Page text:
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Heart ailment ends career of Creighton guard Josh Jones

Dec 27, 2012, 10:38 AM EST

josh jones greg mcdermott AP

After passing out shortly before Creighton’s game at Nebraska on December 6, senior guard Josh Jones underwent a surgical procedure in an attempt to rectify the heart ailment that first became an issue in 2007 when he played at Omaha Central High School.

Doctors determined that Jones’ passing out in Lincoln was triggered by an atrial flutter, but more tests revealed a more serious issue. As a result, Jones’ on-court time as a Bluejay has come to an end.

The nine-hour procedure that Jones underwent on December 18, a radiofrequency ablation, is a non-surgical procedure used in an attempt to address certain types of rapid heart beating with atrial flutter being one of those.

Jones will undergo another such procedure next month according to the Omaha World-Herald, and there’s a chance that his situation may require another open-heart procedure (Jones underwent one in 2007) or even the implanting of a defibrillator.

“Today I would like to announce my early retirement 4rm my collegiate athletic career, and potentially further basketball aspirations,” Jones announced via Twitter on Wednesday. “I’m may not have my career at bball anymore, but I do have my career in a healthy life and other successful opportunities. Thanks for support.

“After being so strong having to be away from the game.. I shed a tear of bitter sweetness about the feelings as I walk away from the game.”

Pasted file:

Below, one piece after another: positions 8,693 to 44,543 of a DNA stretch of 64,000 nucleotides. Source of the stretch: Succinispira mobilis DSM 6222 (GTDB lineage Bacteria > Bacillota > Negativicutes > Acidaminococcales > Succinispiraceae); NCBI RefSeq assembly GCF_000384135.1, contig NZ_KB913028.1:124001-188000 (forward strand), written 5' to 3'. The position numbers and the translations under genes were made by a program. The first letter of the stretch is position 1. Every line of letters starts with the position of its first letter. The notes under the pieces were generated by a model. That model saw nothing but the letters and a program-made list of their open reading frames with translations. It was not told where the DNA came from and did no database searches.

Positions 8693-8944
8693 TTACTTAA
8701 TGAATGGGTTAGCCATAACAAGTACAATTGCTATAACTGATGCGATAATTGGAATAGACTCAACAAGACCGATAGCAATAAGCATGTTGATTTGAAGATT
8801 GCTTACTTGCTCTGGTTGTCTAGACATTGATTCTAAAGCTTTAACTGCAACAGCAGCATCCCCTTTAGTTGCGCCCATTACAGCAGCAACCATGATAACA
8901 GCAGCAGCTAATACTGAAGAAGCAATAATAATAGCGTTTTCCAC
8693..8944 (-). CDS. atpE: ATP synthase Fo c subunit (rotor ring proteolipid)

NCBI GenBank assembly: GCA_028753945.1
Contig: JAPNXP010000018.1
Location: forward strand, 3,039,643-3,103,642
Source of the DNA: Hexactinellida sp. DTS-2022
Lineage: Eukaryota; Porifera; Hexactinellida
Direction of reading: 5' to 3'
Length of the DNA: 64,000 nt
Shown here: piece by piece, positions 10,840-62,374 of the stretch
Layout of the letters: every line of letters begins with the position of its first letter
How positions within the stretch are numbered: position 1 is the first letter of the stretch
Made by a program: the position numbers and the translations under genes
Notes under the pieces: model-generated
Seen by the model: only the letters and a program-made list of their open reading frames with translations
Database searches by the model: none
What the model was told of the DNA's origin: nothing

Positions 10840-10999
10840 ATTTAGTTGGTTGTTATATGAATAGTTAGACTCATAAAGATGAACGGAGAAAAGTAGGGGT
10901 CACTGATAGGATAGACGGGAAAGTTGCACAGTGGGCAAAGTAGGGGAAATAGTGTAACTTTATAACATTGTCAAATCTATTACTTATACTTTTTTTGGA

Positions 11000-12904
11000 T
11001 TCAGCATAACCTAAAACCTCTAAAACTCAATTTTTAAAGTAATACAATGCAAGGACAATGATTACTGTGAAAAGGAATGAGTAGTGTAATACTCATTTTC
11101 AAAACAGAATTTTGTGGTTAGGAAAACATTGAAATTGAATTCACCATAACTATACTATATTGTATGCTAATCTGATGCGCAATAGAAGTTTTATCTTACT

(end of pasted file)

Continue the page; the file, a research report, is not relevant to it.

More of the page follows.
Is it sad that Jones’ career has been derailed by a heart ailment? Definitely, but as NBC Sports’ Rob Dauster pointed out in August when Tulsa’s Kodi Maduka had to make a similar decision this should be seen as a joyous event.

Creighton loses a valuable reserve in Jones, as he was averaging 7.0 points per game in just under 20 minutes of action before the health scare in Lincoln, but his impact on the program has been about more than basketball.

And that’s something Jones will be able to look back on with pride as he moves forward with life after basketball.

“When I look back on it now, I know what I want my legacy to be,” Jones said. “It’s about how a young kid from north Omaha who grew up with nothing but a dream and faced every adversity possible stayed focused and became successful.

“If I can do that, it would mean more to me than any basket I ever scored.”

It’s unfortunate that Jones’ career has been cut short, but when it comes to heart issues things could have been far worse. Best wishes to Josh, and hopefully doctors will be able to rectify the issue once and for all in the coming months.

Raphielle also writes for the NBE Basketball Report and can be followed on Twitter at @raphiellej.

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